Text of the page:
Best known for being one of the finest cafes in Fez, Cafe Clock is about to open a branch in Marrakech (address: 224 Derb Chtouka).
As well as serving delicious coffee and lip-smacking food there will be the eventful live music and cross-cultural events that the café in Fez has long been respected for.
One of the most exciting events will happen next month, on February 27th at 5:00pm, when a story telling group will perform their debut show at the cafe.
The three apprentice storytellers have been in training with a master storyteller, 73 year-old Ahmed. Weaving in the history of storytelling with Moroccan fables and morals, Sara, Oussama and Malika hope to present modern Moroccan storytelling to new audiences, in Arabic and English.
Also we heard that Café Clock is partnering with the Biennale and Richard Hamilton, author of The Last Storytellers. Keep up to date here: www.cafeclock.com
We don’t like to name-drop, but if you’ve been in Marrakech over the past few weeks you may just have been wandering the same souks as some Hollywood A-listers.
Not so rare in Marrakech – long known as a ‘jet-setting destination – but there is something exciting about the city being used (again) as a film location.
Since the end of last year various Hollywood stars have been popping up over Morocco for the filming of Queen of the Desert – a movie made at the cost of a cool $36 million.
Directed by Werner Herzog, the film is a biographical drama film written and based on the life of English traveller, writer and political officer Gertrude Bell. The film stars Nicole Kidman, James Franco and Robert Pattinson.
Most recently, heart-throb Pattinson has been spotted at the Brazilian theme restaurant Churrascaria Marius Marrakech. Cameras at the ready….
Find out more here: Follow @QueenDesertFilm on Twitter.
Moroccan soul food is best sampled on the street, or in someone’s home. As a tourist it can be hard to secure an invite while on vacation, so after you’ve tried the delicious homecooked food at our riad, wander the makeshift food stalls around Djmaa el-Fna and surrounding streets. It is a quintessential Marrakchi experience.
Each night, the numbered stalls, topped with handwritten signs, are eagerly set up by Moroccan men in chefs’ whites. Bubbling cauldrons and hot pans contain everything from bean soups to skewered meats and often these delicious dishes will cost less than a sandwich back home.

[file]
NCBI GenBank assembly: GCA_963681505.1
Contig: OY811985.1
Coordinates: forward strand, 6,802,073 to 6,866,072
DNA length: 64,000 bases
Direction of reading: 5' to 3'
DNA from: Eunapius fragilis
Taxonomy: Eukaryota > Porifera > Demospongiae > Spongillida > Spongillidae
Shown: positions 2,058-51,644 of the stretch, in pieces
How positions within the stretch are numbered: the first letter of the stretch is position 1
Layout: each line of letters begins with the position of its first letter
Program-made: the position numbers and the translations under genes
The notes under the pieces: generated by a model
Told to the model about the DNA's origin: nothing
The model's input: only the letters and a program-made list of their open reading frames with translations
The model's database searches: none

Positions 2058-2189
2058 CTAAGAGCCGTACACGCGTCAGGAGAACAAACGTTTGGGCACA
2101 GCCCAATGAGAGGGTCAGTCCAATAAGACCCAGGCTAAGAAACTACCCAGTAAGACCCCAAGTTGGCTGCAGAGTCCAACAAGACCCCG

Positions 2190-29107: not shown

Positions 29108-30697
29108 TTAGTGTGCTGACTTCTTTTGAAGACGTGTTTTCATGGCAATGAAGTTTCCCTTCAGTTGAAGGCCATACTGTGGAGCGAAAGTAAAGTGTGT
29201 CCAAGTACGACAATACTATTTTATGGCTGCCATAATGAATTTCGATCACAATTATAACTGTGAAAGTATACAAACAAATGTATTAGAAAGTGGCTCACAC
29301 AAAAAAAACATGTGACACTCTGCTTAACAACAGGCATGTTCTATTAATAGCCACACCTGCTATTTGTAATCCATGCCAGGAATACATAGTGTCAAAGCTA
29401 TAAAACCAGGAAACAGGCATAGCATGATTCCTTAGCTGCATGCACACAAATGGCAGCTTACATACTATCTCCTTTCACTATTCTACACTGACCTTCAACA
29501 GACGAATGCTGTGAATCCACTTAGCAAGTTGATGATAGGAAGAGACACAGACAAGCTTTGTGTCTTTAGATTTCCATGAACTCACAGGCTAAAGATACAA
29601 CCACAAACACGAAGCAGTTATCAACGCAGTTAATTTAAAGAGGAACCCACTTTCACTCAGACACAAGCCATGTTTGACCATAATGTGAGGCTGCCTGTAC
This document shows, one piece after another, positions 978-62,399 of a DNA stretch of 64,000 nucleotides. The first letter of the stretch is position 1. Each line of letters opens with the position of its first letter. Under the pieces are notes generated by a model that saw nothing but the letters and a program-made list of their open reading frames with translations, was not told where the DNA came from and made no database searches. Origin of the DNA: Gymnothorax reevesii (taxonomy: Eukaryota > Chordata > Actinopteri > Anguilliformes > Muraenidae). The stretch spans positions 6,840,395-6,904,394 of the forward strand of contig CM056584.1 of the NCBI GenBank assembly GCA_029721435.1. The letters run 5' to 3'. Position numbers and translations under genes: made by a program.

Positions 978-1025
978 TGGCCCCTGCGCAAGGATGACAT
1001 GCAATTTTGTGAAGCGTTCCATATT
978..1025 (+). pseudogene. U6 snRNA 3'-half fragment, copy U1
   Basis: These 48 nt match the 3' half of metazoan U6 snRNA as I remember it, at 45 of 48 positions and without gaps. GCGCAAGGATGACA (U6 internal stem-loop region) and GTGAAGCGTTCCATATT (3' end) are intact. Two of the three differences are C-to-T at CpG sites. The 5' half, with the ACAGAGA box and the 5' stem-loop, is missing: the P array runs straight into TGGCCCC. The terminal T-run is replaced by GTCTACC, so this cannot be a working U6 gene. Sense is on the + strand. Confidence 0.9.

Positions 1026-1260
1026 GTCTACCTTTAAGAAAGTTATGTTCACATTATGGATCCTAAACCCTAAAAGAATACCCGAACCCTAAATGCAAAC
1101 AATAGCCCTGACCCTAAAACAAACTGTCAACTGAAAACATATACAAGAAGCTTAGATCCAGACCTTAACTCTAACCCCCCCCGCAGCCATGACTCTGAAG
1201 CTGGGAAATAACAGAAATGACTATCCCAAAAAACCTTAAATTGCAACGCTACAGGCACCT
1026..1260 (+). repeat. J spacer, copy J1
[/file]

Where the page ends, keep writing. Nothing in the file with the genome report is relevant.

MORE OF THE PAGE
With culinary traditions that draw on Morocco’s mix of Berber, Arab and European cultures, there are dozens of tasty dishes to try.
Stand number 6 is where Ahmed pitches up to ladle steaming bowls of escargot. Over at number 32, Hassan serves miniature beef sausages with red tomato chutney on the side. Other stands sell slow-cooked lamb, mini-chicken kebabs, aubergine dipped in sweet smoked paprika and of course tagines.
As with street eats anywhere in the world, there are a few key things to remember – choose busy stalls, eat where the locals eat (literally follow the crowd), dine where food is cooked fresh in front of you and be wary of fruit that may be regularly washed in dubious water to keep it looking fresh.
If you’re nervous give yourself a few days to adjust to the local cuisine, but be confident too – we’ve always been fine and you will be rewarded.
While the world’s media focuses on the opening of the new Marrakech Museum for Photography and Visual Arts (MMPVA) other, equally as exciting, developments continue apace in the city.
Quietly but confidently the Fondation Alliances have been working hard to bring an enormous outdoor exhibition, the first of its kind in Africa, to Morocco.
Newly opened, the Al Maaden Sculpture Park is located at the well-known Al Maaden Golf Resort. The space has been created by both Moroccan and international artists, with collectors Alami and Farida Lazraq spearheading the project.
Initially, 25 Moroccan and international artists were invited to propose sculptures, with 12 striking sculpture works picked after the selection process.
These works, by French, Moroccan, Algerian, Chinese and Egyptian artists, are currently on view. The sculptures have been carefully chosen by a committee on account of their artistic merits and their fit with the locale. Antonio Segui’s giant 8-metre high sculpture Golfista Anecdotique (Anecdotal Golfer) fits with its setting perfectly, as does Yazid Oulab’s Montagne (Mountain).
A very modern restaurant in Guèliz. It’s a little out of the way so not as well-known as others on the main roads. If you go north on Mohamed V to the La Flamme Restaurant (on the corner of Avenue Khattabi), take the road that is diagonally opposite (rue Drâa). It’s the second street down – the other end of the building housing the Red City offices.
It’s well worth a visit as you get beautifully cooked dishes (French or Moroccan) for a very reasonable price – main dishes about 100 dirhams.